While regulators scratch their heads trying to figure out how to best approach this topic, it’s clear that “business as usual” may turn into “business unusual.” Many farmers groan as engineering fees, soil tests, and permitting costs raise the price of going “legal”, but some growers and professionals are nodding their heads in approval. What some view as bureaucracy, others see as a opportunity to ‘do things right.’ CA is the leader in agriculture in the US. We grow the food that feeds most of the country using Billions of gallons of water, mixed with countless chemicals. Is the cannabis industry going to follow the same path? Or are we going to create sustainable and resilient systems promoting renewable energy, zero pesticides and water sovereignty? I’d like to think the latter.

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One Bad Apple… Plant Growth Hormones and You

By: Luke A. Besmer

I am sure you’ve heard the old saying about how one bad apple spoils the bunch? Well it’s true, and of all things it’s due to a hormonal imbalance. Who’da thunk? So it turns out that in nature, the first ripe apple of the season drops to the ground and begins to decompose. During the decomposition process, the apple releases a gas called Ethylene. Ethylene is a Plant Growth Hormone (PGH) that triggers the nearby apples to fall to the ground and start the decomposition process. The sweet smell of all those decomposing apples attracts foraging animals who eat the apples and spread the seeds far and wide, often with a little fertilizer to boot (or conversely, to overwhelm scavengers so that some seeds are left undisturbed and able to safely germinate). Ethylene and other Plant Growth Hormones are vitally important to all aspects of plant growth and development, understanding them and their uses can improve any gardener’s yield.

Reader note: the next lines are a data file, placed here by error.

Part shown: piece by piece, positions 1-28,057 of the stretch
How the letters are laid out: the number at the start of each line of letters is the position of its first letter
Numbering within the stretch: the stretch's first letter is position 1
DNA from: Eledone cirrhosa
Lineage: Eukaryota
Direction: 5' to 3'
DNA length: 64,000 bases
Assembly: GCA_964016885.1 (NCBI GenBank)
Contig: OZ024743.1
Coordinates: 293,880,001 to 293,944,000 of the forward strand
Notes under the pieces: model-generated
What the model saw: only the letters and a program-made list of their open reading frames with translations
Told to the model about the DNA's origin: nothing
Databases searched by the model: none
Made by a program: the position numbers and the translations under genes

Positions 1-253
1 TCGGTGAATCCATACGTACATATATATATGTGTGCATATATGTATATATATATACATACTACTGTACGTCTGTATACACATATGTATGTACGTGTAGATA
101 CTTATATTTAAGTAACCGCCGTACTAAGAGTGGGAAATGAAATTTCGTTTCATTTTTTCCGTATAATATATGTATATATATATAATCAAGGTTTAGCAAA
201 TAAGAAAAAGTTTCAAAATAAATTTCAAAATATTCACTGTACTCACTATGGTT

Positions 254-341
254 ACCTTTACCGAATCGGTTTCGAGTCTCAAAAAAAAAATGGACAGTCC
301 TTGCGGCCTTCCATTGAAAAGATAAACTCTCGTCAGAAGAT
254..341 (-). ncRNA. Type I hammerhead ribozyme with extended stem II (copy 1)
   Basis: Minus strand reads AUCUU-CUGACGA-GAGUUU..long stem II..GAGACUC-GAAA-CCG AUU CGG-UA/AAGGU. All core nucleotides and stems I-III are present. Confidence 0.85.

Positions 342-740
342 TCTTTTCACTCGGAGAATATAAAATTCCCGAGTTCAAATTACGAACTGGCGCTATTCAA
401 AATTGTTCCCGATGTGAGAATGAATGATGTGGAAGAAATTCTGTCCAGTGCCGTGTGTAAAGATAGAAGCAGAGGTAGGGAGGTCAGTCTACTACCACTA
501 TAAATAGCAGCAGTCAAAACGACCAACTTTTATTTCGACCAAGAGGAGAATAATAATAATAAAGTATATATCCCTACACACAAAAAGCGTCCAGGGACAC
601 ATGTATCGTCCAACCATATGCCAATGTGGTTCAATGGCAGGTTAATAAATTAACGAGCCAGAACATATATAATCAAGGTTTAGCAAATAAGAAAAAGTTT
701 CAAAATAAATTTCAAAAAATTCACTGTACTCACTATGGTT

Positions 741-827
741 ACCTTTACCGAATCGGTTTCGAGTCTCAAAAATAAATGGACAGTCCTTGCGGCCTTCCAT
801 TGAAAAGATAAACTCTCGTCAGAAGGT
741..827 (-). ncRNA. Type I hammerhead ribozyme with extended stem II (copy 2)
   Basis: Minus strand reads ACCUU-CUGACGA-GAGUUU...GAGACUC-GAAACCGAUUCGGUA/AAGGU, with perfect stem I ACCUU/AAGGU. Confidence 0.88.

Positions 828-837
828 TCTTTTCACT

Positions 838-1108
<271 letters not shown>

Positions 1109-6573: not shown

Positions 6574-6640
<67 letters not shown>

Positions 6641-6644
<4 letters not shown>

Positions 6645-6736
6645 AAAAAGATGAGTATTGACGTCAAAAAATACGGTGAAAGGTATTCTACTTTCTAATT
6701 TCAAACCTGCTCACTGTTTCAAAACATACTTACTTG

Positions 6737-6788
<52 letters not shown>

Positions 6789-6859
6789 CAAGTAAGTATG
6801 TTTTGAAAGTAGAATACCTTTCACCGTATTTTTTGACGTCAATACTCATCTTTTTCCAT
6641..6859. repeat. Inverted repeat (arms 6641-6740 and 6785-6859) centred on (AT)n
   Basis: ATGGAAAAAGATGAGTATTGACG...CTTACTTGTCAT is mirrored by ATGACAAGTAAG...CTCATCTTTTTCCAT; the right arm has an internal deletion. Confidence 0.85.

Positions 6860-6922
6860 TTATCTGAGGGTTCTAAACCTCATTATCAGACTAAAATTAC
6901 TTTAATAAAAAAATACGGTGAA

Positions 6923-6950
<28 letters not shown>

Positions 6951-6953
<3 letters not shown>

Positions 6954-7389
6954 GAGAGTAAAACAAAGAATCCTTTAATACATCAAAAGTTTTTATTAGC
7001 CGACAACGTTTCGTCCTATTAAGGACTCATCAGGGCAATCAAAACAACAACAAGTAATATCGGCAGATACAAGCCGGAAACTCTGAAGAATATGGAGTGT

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Fermented Plant Juice

“What Is Fermented Plant Juice (FPJ)?

FPJ is used in solutions for seed and soil treatments and plant nutrition. It consists of the young shoots of vigorously growing plants that are allowed to ferment for approximately 7 days with the aid of brown sugar. The brown sugar draws the juices out of the plant material via osmosis and also serves as a food source for the microbes carrying out the fermentation process. “

-University of Hawaii

The general overarching concept is the bacteria in the fermentation process use the sugars to breakdown the plant matter and convert it into a highly available solution of nutrients, hormones, enzymes, amino acids and microbes.